Detection of Adulteration in Red Meat Species Using Hyperspectral Imaging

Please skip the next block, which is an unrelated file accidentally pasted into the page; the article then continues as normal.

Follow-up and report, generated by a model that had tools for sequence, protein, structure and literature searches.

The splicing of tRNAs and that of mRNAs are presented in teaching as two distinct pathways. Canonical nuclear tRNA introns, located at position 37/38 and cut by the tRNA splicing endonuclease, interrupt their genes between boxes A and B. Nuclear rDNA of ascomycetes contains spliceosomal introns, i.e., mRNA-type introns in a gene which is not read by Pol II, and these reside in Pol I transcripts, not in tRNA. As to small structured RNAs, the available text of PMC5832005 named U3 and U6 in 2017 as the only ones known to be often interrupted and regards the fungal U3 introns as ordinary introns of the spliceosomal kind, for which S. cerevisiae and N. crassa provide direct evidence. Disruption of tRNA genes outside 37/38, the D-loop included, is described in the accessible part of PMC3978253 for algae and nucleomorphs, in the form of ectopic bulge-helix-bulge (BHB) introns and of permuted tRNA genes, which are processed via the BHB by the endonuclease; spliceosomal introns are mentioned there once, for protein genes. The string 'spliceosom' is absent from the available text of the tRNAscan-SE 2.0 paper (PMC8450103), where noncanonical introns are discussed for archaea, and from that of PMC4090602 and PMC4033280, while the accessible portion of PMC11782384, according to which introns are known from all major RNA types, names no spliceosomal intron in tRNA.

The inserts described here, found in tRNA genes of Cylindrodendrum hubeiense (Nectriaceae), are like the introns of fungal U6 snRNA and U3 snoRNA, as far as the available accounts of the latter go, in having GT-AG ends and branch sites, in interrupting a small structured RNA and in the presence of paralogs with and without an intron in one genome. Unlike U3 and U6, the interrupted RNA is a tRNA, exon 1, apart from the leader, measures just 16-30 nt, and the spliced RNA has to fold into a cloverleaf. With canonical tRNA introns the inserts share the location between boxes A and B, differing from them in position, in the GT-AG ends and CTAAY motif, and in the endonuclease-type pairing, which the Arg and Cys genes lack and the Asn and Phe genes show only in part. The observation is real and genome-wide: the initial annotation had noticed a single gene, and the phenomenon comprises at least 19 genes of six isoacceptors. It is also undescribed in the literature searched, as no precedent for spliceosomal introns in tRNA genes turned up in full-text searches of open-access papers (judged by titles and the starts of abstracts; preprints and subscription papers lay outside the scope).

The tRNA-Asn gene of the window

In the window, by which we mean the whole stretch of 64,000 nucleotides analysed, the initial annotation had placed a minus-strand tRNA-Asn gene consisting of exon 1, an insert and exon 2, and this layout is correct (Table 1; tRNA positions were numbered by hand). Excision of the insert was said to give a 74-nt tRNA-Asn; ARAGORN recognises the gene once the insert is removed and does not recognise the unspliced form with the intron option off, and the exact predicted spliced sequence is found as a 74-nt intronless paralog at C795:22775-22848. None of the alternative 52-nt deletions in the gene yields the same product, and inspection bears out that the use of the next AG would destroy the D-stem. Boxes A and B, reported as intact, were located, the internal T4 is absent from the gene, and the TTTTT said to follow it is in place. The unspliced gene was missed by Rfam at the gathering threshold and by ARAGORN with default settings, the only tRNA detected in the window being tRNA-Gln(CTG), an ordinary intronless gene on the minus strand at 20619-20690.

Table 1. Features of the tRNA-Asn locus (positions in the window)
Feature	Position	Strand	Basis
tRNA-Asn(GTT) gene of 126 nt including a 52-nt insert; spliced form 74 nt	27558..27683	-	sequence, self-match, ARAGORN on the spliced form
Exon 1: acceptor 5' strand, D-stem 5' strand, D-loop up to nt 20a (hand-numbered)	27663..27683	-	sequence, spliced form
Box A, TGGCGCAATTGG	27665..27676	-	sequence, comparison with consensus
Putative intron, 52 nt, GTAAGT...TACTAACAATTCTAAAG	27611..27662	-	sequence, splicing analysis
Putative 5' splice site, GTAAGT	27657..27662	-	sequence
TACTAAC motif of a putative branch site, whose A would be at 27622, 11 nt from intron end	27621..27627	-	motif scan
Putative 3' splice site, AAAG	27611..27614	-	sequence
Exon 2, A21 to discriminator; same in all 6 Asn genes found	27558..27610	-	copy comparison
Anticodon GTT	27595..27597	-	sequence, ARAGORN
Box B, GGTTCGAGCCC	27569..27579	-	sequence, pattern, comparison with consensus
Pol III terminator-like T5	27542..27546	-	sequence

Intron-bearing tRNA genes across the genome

This paper reports the performance of hyperspectral imaging for detecting the adulteration in red-meat species. Line-scanning images are acquired from muscles of lamb, beef, or pork. We consider the states of fresh, frozen, or thawed meat. For each case, packing and unpacking the sample with a transparent bag is considered and evaluated. Meat muscles are defined either as a class of lamb, or as a class of beef or pork. For visualization purposes, fat regions are also considered. We investigate raw spectral features, normalized spectral features, and a combination of spectral and spatial features by using texture properties. Results show that adding texture features to normalized spectral features achieves the best performance, with a 92.8% overall classification accuracy independently of the state of the products. The resulting model provides a high and balanced sensitivity for all classes at all meat stages. The resulting model yields 94% and 90% average sensitivities for detecting lamb or the other meat type, respectively. This paper shows that hyperspectral imaging analysis provides a rapid, reliable, and non-destructive method for detecting the adulteration in red-meat products.